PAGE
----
Have you “seen it” on any public space you’ve visited recently?
Why would it work?
You might’ve felt music’s influence on your mood.
Think of when you’re downhearted and you put on some upbeat music, do you feel a change inside you after a while?
Well, studies have shown music’s positive role in several psychological outcomes:
- Classical music and self-selected relaxing music significantly reduce people’s stress levels and physiological arousal.
- The use of music in treating symptoms of depression and improving people’s mood.
- Music is used to improve sleep quality.
- Music exposure leading to better performance on cognitive tests.
Now, when it comes to music’s role in deterring crime several explanations can help us understand its effects on people.
It may be due to people’s neurobiological response to stimuli that they don’t like or find unfamiliar. When people dislike the music they’re listening to, their brain suppresses dopamine production (a neurotransmitter linked to pleasure). This leads to a decrease in their positive mood and encourages them to avoid the source of their displeasure.
Another cause might be of a social nature. People have certain attitudes towards different musical genres and they’re concerned about what others might think if they’re seen listening to a certain musical style. Their self-image might be damaged if these groups disapprove of their music taste.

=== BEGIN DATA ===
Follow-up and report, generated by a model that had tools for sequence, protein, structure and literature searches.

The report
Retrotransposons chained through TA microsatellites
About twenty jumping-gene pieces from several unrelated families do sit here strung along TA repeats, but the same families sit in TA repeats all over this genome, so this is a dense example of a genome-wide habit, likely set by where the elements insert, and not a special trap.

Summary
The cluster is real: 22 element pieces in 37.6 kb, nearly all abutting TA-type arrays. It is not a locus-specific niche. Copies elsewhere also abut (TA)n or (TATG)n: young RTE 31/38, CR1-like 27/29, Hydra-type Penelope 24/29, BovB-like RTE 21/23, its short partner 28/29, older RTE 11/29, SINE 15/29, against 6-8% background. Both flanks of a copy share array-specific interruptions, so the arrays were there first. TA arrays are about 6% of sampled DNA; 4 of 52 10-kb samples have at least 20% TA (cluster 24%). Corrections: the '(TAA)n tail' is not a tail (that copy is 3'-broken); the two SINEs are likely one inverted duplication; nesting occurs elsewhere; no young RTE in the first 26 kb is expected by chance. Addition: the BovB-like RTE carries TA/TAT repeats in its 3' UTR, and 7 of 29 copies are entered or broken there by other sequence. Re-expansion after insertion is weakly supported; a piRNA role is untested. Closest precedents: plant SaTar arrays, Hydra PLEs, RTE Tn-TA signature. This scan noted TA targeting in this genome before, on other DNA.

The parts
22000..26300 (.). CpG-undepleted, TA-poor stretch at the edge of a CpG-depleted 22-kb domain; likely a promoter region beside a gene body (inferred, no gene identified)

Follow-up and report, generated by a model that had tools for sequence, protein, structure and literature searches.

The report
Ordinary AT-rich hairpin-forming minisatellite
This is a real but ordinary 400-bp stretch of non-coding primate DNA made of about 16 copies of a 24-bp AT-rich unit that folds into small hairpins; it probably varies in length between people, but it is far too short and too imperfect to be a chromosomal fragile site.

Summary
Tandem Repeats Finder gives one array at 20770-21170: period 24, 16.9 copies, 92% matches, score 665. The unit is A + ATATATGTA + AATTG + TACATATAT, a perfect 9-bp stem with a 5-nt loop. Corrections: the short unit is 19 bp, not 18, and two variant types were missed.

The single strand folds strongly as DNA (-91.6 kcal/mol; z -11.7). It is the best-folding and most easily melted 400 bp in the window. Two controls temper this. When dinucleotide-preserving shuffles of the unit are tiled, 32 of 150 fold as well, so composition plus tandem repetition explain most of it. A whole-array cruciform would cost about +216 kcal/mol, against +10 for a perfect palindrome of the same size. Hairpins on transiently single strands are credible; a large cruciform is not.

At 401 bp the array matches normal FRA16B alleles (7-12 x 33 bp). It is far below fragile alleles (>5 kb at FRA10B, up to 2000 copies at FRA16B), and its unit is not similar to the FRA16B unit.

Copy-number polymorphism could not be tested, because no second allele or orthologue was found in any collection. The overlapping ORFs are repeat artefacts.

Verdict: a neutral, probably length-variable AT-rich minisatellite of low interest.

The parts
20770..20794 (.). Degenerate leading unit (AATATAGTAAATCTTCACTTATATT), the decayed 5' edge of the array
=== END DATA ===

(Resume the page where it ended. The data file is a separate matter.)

Let’s say a certain music style (e.g. romantic music from the 60s) is considered uncool by a certain age and cultural group. If they hear it through some loudspeakers and they choose to stay beneath it, others could make fun of them. Other members could say: “those guys are pussys!”, “Let them play with their sister’s dolls”, and they’ll lose respect among their peers. No one wants that, especially teenagers!
In other words, they don’t want to be linked to this genre because that could banish them from the group they want to be a part of.
Or a third explanation regarding why music can deter crime is that it can just be a matter of volume. If people are unable to talk to each other, gossip, joke around, and have fun because the music is too loud, they’ll go somewhere else to hang out. Yep, that simple.
Music has many different faces.
One of these looks like a weapon.
A tool to fight crime. A device used by both private and public institutions. And it has shown some promising results.
The use of music to discourage criminal behavior doesn’t rely solely on classical music. Other sounds like nature sounds or soothing music can help as well. Some might feel more relaxed. Others can feel more anxious so they’ll leave the premises. And then others will don’t go near it to avoid being stigmatized by their peers.
In any case, it’s getting the job done.
But at what cost?
Some say classical music is losing its value if used this way. People could end up hating this genre massively and they might banish it from all cultural venues. Others just feel there’s no need for more contamination in their neighborhoods.
What do you think? Should we keep using music this way?